[center][b]Attempted Murder. And Breakfast. [/b] [/center]
My mother was trying to kill me, that much was clear.
Just ten years old and soon to be a victim of filicide. I wondered if they'd put my death on America's Most Wanted: The Case of the Murdering Mom!
I'd become famous. Dead, but famous. Like Elvis.
Mom's weapon of choice was breakfast. She'd call me into the kitchen on weekend mornings and there it was, laid out on the table: an arsenal of eggs, bacon, and sausage. I'd stand there looking at it like a man examining the knot of his own noose.
Finally, she'd tell me to sit down and eat before my so-called food got cold. Afraid that she'd just backflip over the kitchen bar like a ninja and snap my neck with nunchucks if I didn't comply, I did as I was told. I imagined her sneaking glimpses at me as she washed dishes -- the assassin watching to see if her poison was taking effect.
But I was on to her. I'd been taught at school and by the nice people that make cereal commercials that a nutritious breakfast consisted of cereal, juice, milk, and toast with jelly. Meat was bad. Eggs were bad. And dietary fat was so bad that it only occupied the smallest segment of the indubitable food pyramid.
In order to counteract the poison that was Saturday morning breakfast, I'd spend the rest of the week eating nutritious breakfasts like Apple Jacks with orange juice and toast (topped with cinnamon and sugar of course.)
The antidote seemed to work. I evaded the homicidal plots of my mother and counterbalanced her ominous omelets with vitamin fortified cereal and bread.
I lived. I became a chubby little bastard for some odd reason, but I lived.
Everything Changes... And Stays the Same
Poor mom. Turns out her breakfasts were probably a whole lot healthier than the sugar/flour bombs pushed onto us by sleazy food manufacturers and questionable government officials. Sadly, not much has changed in that department.
Luckily, I've changed from chubby kid to athletic adult, due in large part to breaking most dietary "rules" that trickle down from cereal makers, politicians, and fat-denying dieticians.
For example, my favorite weekend breakfast is full of good fats (gasp!), high in protein (oh, my kidneys!) and low in carbs (how will I ever have any energy!)
I first wrote about the unfortunately named frittata HERE, but this is a better recipe, designed to get you lean and support muscle growth and proper hormone levels. Check it out:
[center][b]Cast Iron Frittata[/b] [/center]
6 or 7 omega-3 eggs (from flaxseed-fed chickens)
1 tablespoon of omega-3 enriched butter or can of Pam cooking spray
1 small onion, diced or sliced (pre-chopped & frozen is fine)
A few sliced Portobello mushrooms or your choice of 'shroom
1 or 2 avocados
Big bunch of spinach leaves
3 to 4 tablespoons of sour cream
Fresh ground pepper and pink sea salt
Herbs and spices of your choice (I used dried rosemary and coriander seeds, but basil, parsley and just about anything else works.)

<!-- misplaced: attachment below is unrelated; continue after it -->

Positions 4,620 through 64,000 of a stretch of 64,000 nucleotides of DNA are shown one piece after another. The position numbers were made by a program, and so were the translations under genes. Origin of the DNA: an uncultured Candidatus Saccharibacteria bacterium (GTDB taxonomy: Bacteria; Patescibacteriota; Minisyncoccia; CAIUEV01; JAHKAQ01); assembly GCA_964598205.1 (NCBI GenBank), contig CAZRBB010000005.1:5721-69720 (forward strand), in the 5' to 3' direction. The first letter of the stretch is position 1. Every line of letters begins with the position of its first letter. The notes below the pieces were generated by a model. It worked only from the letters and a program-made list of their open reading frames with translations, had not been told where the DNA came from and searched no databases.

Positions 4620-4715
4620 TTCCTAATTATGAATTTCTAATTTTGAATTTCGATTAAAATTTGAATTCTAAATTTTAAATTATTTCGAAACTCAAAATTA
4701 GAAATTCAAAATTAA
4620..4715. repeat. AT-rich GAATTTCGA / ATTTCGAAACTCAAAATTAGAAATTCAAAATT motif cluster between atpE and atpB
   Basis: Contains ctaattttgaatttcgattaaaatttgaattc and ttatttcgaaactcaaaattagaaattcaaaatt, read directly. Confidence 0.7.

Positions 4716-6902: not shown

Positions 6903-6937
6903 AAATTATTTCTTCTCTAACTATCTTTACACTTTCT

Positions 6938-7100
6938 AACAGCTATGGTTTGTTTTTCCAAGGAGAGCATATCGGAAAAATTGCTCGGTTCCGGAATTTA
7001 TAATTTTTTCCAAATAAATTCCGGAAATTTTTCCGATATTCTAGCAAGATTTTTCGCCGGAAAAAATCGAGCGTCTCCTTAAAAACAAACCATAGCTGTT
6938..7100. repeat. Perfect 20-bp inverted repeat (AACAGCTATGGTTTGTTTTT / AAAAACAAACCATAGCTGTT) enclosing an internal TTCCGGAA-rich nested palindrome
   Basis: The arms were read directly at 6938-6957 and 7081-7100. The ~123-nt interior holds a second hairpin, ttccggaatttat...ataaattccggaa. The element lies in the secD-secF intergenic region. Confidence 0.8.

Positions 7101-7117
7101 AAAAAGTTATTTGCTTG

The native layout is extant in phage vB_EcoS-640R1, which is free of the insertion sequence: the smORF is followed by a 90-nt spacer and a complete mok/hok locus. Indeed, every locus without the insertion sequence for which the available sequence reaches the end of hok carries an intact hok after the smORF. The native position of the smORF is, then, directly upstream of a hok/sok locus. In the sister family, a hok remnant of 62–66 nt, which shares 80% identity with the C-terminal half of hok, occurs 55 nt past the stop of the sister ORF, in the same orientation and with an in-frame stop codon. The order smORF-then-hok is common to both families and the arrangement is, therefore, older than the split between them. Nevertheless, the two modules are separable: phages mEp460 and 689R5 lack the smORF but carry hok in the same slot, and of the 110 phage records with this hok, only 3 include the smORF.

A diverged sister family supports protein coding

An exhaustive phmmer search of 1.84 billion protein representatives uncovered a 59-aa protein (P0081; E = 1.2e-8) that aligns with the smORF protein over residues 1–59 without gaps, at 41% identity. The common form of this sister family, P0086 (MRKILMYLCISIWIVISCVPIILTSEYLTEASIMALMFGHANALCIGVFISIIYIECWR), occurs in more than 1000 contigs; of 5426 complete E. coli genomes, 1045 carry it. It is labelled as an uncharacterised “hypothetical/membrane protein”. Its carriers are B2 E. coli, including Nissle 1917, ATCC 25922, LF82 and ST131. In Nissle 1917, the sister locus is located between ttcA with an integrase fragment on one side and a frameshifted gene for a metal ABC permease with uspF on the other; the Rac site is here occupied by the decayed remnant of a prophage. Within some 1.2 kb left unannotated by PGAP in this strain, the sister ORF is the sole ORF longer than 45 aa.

First, get a good cast iron pan (Lodge brand, preseasoned, is my favorite) or any oven-safe pan. Cast iron is awesome because it can go right from stovetop to oven, plus you get a good forearm workout just cooking with it and cleaning it.
Preheat the oven to 450 degrees. Mix your eggs with the sour cream, salt, pepper, and herbs and spices of choice.
Get the fire going under your cast iron pan for a few minutes, then add your butter or Pam. Add onion and cook until translucent.
In another pan, wilt your spinach down and squeeze it dry. (Or just unthaw frozen spinach and squeeze dry.)
Add about half the mushrooms to the cast iron pan, the garlic, and all the spinach. Toss it all together for a minute or two.
Pour in the egg mixture and top with the rest of the mushrooms and the avocado. Kill the heat under the pan.
Transfer pan to the 450 degree oven and cook for 6-7 minutes. You'll want to take it out when the center is still a little giggly since eggs continue to cook after they're off the heat. They'll "set" in a few minutes after you take them out.
Let cool a bit, then slice into pie-shaped segments and serve. Or just eat it out of the pan like I do.
Ideas and Options
Any vegetable works here. My favorite variation is using asparagus, which is how this recipe is made in some fancy restaurants. Add some lemon zest and chives to it if you try that.
Go crazy with the dried herb and spice variations. A millions options here, and it's hard to go wrong. If you're not much of a cook and don't have a spice rack full o' goodies, just pick a Mrs. Dash flavor.
I use fat-free sour cream. Seems weird, I know, but I like to pick and choose my fats. So, whole eggs from flax-fed chickens, yes. The extra calories from full-fat sour cream, no thanks. You can even make this with egg whites if that suits your dietary needs. That would drop the total calories too if you need it.
Frittatas like this are great re-heated. Make one at night and have it for breakfast for the next three days.
Enjoy this one over the weekend. And hey, make one for your mom too. She's probably less murderous than you thought.